It will be another week or two before we can become operational again due to antenna damage to our communications equipment. In spite of the personal impact from the storm, our members want to serve their community through CAP. One of our members, who has returned from "moving to higher ground" is unable to travel up to Punta Gorda, Fla. where the response operations are being launched because there is a lack of gas here in Marco Island.

Group 5 public affairs has reported an outpouring of emotion from CAP members on social media after viewing images of the damage to the Marco Island hangar. More than 13,000 have reacted to the social media posts by the squadron, with many expressing concerns about their fellow CAP members and asking how to help. Asked what message he would like to share from the squadron, "It is only a building," replied Corriveau, "and will be repaired and things will be back to normal eventually. Also, our people are okay."

Corriveau added, "we want to get back up and operational, as soon as possible. We are part of the coastal patrol,” 

Coastal Patrols, a service to Florida communities that Civil Air Patrol has provided since the early 1940's, are performed on the weekends looking for hazards to navigation and boaters in distress.
Article Information
Reviewed by: Lt. Col. Jeff P. Carlson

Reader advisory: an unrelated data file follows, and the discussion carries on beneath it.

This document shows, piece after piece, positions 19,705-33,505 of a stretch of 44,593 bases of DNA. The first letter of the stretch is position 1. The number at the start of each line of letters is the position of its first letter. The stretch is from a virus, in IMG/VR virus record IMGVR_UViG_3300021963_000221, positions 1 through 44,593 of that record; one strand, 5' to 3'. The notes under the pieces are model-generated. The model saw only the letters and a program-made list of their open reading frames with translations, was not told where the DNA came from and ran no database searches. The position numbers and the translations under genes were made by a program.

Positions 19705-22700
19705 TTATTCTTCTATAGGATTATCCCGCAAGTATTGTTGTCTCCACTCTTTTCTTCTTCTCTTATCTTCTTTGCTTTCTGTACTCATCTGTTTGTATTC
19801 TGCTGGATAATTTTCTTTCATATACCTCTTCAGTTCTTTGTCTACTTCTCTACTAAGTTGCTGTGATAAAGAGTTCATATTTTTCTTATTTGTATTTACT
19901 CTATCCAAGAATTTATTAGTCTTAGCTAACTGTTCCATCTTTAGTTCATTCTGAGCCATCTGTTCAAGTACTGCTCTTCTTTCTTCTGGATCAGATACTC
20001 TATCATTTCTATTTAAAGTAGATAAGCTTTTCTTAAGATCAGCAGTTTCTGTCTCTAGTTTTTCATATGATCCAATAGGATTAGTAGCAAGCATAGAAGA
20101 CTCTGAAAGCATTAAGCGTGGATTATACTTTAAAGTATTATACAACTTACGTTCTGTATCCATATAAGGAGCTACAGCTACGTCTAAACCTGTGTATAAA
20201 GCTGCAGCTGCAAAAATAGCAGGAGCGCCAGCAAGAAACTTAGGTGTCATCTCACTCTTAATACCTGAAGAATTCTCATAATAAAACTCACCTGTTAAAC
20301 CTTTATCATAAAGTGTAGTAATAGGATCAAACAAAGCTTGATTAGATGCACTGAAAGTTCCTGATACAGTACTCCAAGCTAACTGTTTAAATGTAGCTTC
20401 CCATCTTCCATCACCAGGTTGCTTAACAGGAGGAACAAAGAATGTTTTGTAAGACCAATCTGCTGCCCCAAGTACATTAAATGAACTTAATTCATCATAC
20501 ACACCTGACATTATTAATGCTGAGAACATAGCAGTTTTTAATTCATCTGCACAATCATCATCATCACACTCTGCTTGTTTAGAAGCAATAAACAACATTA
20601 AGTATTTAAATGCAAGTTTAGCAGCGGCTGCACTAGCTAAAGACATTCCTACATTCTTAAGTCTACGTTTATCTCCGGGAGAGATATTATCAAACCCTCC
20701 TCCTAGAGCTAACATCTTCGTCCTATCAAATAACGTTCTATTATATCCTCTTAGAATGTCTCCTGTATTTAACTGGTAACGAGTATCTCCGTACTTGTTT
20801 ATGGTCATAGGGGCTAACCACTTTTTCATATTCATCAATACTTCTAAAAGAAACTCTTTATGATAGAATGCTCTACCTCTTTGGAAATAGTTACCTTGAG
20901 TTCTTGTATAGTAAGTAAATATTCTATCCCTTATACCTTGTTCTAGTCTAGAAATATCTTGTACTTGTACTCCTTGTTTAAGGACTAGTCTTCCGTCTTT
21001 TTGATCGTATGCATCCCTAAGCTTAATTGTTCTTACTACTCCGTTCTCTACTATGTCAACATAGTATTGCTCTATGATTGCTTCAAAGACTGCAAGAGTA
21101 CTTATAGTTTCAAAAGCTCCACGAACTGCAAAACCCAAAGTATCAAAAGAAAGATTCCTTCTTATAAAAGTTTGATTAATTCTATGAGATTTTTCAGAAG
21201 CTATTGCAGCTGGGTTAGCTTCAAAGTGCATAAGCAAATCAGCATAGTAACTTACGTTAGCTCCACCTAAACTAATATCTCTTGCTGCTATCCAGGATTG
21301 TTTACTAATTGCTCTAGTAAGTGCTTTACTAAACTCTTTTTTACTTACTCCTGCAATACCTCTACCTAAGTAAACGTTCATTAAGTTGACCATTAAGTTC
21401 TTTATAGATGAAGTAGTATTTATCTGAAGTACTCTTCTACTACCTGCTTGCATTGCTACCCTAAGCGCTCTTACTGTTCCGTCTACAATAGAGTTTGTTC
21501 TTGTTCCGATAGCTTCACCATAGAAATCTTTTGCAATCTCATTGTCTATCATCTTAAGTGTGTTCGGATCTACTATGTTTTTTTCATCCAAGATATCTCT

Syndicated to: Region Hq, Alabama Wing, Florida Wing, Georgia Wing, Mississippi Wing, Tennessee Wing, Puerto Rico Wing, Civil Air Patrol National Headquarters
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Civil Air Patrol, the longtime all-volunteer U.S. Air Force auxiliary, is the newest member of the Air Force’s Total Force, which consists of regular Air Force, Air National Guard and Air Force Reserve, along with Air Force retired military and civilian employees. CAP, in its Total Force role, operates a fleet of 550 aircraft and performs about 90 percent of continental U.S. inland search and rescue missions as tasked by the Air Force Rescue Coordination Center and is credited by the AFRCC with saving an average of 78 lives annually. Civil Air Patrol’s 56,000 members nationwide also perform homeland security, disaster relief and drug interdiction missions at the request of federal, state and local agencies. Its members additionally play a leading role in aerospace education and serve as mentors to more than 24,000 young people currently participating in the CAP cadet program. Performing missions for America for the past 75 years, CAP received the Congressional Gold Medal in 2014 in honor of the heroic efforts of its World War II veterans. CAP also participates in Wreaths Across America, an initiative to remember, honor and teach about the sacrifices of U.S. military veterans. Visit www.capvolunteernow.com for more information.